President Obama's Pakistan policy was in disarray yesterday after Islamabad
raised objections to the stringent terms attached to his new $7.5 billion
Officials of the two countries were locked in last-minute negotiations on how
to salvage the Kerry-Lugar Bill, which triples US civilian aid to Pakistan.
It seeks to broaden the campaign against Islamic militancy by fighting
poverty in regions along the Afghan border and tries to ensure that military
aid is not misspent. Military chiefs, the political opposition and even
members of the ruling coalition have protested over conditions laid down in
the Bill that they say constitute a humiliating violation of Pakistani
Mr Obama has until Friday to sign the Bill, which was passed by Congress on
September 30 and presented to him on October 5. Under the US Constitution,
it becomes law automatically if he does not sign or veto it within ten days.
But the Pakistani parliament is debating a resolution opposing some aspects
of the Bill, which, although non-binding, would make it politically
difficult for President Zardari to accept the US aid.
Even Mr Zardari, who initially championed the package, has been forced to join
the protests and send his Foreign Minister, Shah Mehmood Qureshi, to
Washington to convey the widespread anger across Pakistan.
Mr Qureshi began a series of meetings with US officials and legislators
yesterday to try to find a compromise that would pacify the Bill's critics
without killing the entire aid package. "We are not raising objections on
the entire Bill, but on some of the clauses which hurt our national
sentiments," a senior Pakistani Foreign Ministry official told The
He said that Mr Qureshi would meet Richard Holbrooke, the US special envoy for
Pakistan and Afghanistan, James Jones, the National Security Adviser, and
Hillary Clinton, the Secretary of State. He would also meet Senators John
Kerry and Richard Lugar, who sponsored the Bill.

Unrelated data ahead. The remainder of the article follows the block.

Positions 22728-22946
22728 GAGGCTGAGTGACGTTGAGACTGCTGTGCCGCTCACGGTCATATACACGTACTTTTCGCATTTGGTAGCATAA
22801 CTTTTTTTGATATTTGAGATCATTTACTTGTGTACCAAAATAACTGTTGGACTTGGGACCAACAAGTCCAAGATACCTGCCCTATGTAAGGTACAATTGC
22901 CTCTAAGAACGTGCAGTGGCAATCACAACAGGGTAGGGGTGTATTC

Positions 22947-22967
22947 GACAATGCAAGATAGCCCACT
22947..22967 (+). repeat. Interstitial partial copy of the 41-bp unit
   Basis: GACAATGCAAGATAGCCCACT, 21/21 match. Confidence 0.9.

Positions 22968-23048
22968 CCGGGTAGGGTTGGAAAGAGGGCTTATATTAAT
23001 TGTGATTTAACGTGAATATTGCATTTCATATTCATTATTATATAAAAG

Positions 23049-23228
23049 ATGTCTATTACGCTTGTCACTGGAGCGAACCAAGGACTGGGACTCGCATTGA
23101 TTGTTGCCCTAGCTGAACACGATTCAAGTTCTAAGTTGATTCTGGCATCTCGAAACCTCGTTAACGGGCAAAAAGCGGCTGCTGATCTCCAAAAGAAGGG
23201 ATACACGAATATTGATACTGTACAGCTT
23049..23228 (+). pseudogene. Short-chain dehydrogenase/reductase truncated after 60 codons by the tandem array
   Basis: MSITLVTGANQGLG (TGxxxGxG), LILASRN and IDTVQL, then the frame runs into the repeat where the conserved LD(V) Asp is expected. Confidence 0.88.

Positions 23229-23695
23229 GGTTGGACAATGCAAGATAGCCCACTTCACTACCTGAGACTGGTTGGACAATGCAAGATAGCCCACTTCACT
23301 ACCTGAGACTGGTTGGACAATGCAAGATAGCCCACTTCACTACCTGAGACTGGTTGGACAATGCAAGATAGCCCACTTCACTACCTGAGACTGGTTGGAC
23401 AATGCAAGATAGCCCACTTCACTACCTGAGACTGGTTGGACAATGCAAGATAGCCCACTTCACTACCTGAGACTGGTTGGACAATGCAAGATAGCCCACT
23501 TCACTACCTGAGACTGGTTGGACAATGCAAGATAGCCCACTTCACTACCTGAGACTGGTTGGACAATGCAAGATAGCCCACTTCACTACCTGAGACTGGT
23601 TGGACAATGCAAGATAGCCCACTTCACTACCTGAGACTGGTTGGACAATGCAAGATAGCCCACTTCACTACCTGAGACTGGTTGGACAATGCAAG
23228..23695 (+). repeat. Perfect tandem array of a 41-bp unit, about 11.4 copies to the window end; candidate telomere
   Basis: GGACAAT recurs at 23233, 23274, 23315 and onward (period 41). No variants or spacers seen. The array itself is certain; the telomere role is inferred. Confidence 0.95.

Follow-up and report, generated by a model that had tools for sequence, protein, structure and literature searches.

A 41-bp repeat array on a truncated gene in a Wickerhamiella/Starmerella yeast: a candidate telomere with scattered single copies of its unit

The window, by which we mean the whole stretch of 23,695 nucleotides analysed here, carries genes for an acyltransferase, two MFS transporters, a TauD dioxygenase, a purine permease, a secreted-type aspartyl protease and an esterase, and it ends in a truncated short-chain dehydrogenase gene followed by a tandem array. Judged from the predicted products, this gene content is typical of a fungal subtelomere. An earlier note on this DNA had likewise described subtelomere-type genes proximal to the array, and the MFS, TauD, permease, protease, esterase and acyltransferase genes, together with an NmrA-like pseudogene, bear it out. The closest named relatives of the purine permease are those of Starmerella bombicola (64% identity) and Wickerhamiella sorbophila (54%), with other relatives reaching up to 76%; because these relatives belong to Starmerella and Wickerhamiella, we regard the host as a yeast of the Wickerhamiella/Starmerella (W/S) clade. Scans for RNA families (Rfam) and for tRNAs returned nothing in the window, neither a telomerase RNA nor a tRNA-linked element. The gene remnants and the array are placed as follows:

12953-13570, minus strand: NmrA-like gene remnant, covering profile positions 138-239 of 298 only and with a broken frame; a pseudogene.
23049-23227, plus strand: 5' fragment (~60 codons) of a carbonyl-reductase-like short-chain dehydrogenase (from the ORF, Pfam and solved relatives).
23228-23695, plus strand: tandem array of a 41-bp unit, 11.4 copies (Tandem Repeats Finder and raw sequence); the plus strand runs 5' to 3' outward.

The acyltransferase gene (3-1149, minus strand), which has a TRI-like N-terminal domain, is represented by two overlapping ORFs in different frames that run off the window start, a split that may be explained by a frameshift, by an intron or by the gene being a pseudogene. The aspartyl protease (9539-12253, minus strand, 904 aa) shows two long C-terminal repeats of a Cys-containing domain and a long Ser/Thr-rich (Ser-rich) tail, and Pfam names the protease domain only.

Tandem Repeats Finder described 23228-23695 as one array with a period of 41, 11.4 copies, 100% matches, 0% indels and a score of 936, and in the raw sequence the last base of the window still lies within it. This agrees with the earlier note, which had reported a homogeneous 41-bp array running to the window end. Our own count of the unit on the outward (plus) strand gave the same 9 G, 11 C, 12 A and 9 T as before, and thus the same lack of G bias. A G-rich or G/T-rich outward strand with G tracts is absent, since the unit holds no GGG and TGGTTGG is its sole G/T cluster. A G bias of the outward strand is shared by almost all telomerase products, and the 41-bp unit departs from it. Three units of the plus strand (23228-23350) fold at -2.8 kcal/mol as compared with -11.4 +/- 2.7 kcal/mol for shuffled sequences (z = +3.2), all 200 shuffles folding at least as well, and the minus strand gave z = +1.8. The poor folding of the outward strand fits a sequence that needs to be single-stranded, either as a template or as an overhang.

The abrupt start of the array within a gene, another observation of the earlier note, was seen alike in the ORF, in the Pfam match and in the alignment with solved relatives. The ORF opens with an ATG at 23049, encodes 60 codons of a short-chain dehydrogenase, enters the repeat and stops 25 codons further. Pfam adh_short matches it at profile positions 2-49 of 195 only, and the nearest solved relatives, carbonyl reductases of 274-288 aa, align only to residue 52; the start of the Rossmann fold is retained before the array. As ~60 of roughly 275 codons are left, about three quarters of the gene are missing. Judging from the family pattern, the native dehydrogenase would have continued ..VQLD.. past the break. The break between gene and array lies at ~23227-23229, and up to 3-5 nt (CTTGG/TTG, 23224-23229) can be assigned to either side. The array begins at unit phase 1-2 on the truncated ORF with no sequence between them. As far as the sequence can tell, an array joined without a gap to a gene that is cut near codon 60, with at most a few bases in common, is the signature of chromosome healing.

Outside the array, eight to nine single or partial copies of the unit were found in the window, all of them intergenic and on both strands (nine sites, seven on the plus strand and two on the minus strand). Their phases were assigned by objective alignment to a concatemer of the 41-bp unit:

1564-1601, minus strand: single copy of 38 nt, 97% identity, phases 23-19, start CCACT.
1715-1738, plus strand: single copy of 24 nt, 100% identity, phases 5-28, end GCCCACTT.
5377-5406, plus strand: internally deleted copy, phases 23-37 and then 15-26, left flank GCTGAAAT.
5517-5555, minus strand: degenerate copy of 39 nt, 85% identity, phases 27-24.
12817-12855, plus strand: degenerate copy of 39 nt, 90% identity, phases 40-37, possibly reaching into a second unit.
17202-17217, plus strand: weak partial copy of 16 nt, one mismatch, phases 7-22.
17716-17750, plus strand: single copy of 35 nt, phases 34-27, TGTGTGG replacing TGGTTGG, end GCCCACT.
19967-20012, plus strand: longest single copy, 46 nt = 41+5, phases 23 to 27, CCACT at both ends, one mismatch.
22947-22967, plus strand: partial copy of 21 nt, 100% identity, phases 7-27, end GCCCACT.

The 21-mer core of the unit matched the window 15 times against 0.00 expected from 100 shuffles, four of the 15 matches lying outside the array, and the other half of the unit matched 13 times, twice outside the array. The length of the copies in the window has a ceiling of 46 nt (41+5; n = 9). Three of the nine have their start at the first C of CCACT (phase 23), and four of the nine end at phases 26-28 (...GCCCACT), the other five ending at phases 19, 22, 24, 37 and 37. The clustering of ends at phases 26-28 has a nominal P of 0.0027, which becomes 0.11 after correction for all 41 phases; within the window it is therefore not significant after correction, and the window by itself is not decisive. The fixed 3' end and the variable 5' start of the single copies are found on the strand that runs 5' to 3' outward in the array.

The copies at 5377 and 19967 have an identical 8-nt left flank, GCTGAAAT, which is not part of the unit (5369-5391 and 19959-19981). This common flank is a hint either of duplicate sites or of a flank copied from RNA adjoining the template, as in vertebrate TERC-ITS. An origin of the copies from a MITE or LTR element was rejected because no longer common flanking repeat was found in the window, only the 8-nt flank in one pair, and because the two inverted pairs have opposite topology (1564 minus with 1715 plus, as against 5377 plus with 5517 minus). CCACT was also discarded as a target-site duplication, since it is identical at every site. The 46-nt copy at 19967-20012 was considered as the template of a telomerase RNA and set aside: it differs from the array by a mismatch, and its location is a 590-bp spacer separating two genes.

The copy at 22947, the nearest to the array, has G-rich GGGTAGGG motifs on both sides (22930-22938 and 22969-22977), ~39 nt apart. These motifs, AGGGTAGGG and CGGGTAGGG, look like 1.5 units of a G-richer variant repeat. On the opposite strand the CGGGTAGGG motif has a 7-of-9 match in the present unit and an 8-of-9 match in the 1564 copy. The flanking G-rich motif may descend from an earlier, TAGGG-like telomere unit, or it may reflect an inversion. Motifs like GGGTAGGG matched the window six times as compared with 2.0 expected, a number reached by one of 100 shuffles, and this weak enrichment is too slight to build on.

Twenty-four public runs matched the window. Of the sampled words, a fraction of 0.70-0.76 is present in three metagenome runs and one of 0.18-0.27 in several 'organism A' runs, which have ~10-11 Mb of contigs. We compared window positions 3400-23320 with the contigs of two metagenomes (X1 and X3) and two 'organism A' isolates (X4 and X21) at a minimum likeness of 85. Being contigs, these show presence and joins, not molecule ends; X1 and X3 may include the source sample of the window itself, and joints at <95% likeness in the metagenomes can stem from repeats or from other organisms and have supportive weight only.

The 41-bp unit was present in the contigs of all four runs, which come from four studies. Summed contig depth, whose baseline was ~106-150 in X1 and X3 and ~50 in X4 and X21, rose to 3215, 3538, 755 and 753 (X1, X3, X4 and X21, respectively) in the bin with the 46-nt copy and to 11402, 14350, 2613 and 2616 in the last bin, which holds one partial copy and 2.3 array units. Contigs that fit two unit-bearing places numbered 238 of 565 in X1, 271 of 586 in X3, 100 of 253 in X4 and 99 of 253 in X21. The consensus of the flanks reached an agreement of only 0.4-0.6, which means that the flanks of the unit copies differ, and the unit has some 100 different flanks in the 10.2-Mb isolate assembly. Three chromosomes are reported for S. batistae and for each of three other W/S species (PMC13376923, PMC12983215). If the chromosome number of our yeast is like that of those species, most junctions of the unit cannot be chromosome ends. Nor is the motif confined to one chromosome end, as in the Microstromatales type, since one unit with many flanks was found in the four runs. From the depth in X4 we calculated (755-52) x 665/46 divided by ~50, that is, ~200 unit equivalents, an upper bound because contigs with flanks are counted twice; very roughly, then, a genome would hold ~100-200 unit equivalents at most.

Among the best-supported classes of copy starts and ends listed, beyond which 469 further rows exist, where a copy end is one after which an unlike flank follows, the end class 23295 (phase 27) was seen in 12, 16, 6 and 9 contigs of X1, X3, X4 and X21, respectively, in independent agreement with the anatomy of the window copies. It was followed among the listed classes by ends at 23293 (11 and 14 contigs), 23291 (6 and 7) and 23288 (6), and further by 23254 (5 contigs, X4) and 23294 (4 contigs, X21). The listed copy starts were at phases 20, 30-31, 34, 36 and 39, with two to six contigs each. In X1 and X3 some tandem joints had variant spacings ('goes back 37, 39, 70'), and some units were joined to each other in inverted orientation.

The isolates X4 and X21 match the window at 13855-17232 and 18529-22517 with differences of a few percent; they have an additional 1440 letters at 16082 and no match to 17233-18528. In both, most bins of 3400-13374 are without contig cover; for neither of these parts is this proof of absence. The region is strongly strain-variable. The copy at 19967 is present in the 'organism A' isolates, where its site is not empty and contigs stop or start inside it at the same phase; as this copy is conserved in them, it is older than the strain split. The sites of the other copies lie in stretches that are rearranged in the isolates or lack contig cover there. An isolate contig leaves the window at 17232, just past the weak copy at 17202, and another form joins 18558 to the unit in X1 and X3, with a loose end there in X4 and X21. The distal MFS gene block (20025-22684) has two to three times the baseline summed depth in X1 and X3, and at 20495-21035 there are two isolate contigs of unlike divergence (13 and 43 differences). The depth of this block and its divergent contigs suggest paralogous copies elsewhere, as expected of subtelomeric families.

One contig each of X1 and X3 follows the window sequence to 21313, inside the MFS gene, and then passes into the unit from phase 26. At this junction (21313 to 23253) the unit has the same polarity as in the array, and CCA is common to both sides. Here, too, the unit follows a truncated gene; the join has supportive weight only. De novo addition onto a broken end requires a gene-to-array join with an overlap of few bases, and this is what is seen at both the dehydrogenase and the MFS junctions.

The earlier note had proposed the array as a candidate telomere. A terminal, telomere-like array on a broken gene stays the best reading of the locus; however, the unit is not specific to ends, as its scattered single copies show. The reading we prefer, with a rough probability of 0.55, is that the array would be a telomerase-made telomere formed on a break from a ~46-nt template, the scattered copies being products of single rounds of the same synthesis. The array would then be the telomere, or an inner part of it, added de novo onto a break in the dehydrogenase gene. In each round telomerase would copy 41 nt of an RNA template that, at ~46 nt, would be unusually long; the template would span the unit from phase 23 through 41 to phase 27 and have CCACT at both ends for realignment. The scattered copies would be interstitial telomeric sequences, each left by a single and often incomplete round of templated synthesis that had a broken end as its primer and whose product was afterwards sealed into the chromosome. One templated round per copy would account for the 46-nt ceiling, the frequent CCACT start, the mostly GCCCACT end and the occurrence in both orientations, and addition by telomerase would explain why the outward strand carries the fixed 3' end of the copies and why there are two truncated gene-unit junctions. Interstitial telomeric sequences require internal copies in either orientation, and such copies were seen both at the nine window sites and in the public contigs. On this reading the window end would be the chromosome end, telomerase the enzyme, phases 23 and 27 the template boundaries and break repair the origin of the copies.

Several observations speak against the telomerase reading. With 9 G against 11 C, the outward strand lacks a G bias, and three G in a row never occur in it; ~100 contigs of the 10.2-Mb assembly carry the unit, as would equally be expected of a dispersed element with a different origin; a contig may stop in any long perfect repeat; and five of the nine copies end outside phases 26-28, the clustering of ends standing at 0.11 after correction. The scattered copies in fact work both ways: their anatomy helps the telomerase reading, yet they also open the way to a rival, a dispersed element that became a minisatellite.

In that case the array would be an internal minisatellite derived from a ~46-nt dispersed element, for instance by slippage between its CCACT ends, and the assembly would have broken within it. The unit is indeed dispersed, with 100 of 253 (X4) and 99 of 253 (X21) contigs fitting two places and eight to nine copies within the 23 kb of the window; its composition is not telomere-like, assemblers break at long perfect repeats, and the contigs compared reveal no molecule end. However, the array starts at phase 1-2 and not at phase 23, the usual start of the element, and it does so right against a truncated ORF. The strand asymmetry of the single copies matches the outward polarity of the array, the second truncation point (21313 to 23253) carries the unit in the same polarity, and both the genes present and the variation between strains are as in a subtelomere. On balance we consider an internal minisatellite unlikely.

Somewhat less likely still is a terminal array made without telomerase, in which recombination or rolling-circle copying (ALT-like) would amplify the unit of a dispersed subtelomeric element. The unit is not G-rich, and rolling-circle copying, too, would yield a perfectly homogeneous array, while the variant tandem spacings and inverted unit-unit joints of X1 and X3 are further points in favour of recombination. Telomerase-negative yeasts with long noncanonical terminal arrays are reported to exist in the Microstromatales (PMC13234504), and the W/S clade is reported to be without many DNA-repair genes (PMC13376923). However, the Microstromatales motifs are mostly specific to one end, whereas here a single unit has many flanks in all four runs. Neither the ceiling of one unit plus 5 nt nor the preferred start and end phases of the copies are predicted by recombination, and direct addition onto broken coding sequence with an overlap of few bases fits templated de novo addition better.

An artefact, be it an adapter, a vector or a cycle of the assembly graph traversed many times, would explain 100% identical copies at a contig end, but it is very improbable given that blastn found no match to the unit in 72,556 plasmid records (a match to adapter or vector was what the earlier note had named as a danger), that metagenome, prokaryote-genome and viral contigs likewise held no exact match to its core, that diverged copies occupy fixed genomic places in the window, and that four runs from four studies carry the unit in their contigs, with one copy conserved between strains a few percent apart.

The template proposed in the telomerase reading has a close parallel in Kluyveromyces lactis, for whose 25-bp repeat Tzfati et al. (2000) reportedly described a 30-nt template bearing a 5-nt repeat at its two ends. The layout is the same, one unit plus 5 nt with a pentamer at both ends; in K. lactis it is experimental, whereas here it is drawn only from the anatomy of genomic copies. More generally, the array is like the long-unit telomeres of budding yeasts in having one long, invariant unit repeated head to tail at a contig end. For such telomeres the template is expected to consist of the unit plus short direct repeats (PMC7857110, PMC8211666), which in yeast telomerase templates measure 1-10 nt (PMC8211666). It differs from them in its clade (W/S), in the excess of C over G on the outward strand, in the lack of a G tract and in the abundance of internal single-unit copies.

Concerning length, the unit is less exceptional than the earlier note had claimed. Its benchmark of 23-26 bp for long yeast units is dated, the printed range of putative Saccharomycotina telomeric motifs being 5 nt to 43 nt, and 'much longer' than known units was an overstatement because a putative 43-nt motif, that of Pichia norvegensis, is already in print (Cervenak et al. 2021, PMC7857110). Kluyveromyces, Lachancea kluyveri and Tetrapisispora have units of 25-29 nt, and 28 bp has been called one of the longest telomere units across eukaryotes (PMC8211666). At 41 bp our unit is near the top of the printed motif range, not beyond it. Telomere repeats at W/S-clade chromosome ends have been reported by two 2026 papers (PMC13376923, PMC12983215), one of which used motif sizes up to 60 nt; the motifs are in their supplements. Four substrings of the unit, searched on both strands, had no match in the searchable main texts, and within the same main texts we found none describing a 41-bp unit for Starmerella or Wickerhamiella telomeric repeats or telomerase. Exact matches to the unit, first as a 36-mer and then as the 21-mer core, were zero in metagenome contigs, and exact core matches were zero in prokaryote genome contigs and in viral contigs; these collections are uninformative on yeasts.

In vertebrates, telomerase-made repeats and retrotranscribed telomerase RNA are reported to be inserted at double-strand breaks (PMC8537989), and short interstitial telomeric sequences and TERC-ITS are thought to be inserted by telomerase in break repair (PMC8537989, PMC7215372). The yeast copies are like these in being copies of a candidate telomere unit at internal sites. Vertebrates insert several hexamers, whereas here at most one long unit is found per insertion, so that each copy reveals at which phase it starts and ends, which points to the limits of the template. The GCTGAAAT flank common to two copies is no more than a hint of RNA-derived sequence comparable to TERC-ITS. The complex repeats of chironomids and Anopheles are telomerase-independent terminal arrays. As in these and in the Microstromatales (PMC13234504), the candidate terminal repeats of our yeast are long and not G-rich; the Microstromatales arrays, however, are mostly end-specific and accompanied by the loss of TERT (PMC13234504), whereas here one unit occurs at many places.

Mr Qureshi would raise concerns about four conditions that have caused most
offence, the Pakistani official said. They oblige the US Government to
ensure that the Pakistani Army is under the civilian Government's control,
is not interfering in domestic politics, but is tackling Islamic militants
and is not shielding Pakistanis involved in nuclear proliferation. "We just
want that some measures are taken to alleviate the concerns of the
military," the official said.
The Pakistani military took the unusual step last week of issuing a statement
expressing its concern about the Bill, just before the parliamentary debate.
It was most offended by the explicit condition that Pakistani civilian
leaders should have oversight of military appointments.
"I hope the whole thing is scrapped," one senior military officer told The
Times. "At the very least we want it amended."
US officials say that they are surprised by the level of opposition in
Pakistan, and admit that the wording of the Bill was mistaken.
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They also warn that amending the Bill, or drafting a new one, could take
months, if not years, at a time when Pakistan is desperately short of funds.
They are now discussing a compromise under which Mr Obama makes a public
statement addressing Pakistan's concerns as he signs the Bill into law.
Another option is for Congress to address Pakistan's concerns in the Bill's
official "legislative history".
Even if such a compromise is found, there is still a raging dispute over
whether the funds should be spent through Pakistani or international
non-governmental organisations. Mr Holbrooke and Pakistani leaders want
USAid, America's international aid agency, to distribute more money through
Pakistani NGOs, as called for in the Bill.
But C. Stuart Callison, a senior USAid economist, accused Mr Holbrooke in a
leaked memo to the State Department of micromanaging the aid by personally
approving every funding decision.
"This approval process has been difficult, time-consuming and extremely
frustrating for an already overburdened mission staff and the disapprovals
already received are shockingly counterproductive to priority
counter-insurgency and economic development objectives," he wrote.
"Based on past experience in Pakistan, very few Pakistani firms and NGOs can
currently satisfy the stringent financial management audit requirements for
USAid project funding."
• An estimated $1.8 billion in US military aid went to Pakistan in 2008, a
report by Harvard University said - but corruption in the Pakistani
Government meant that only $300 million reached the army
• Other reports in 2008 claimed that up to 70 per cent of US military
aid to Pakistan had been misspent
• The US State Department said terror attacks more than doubled in
Pakistan from 2007 to 2008, to about 1,800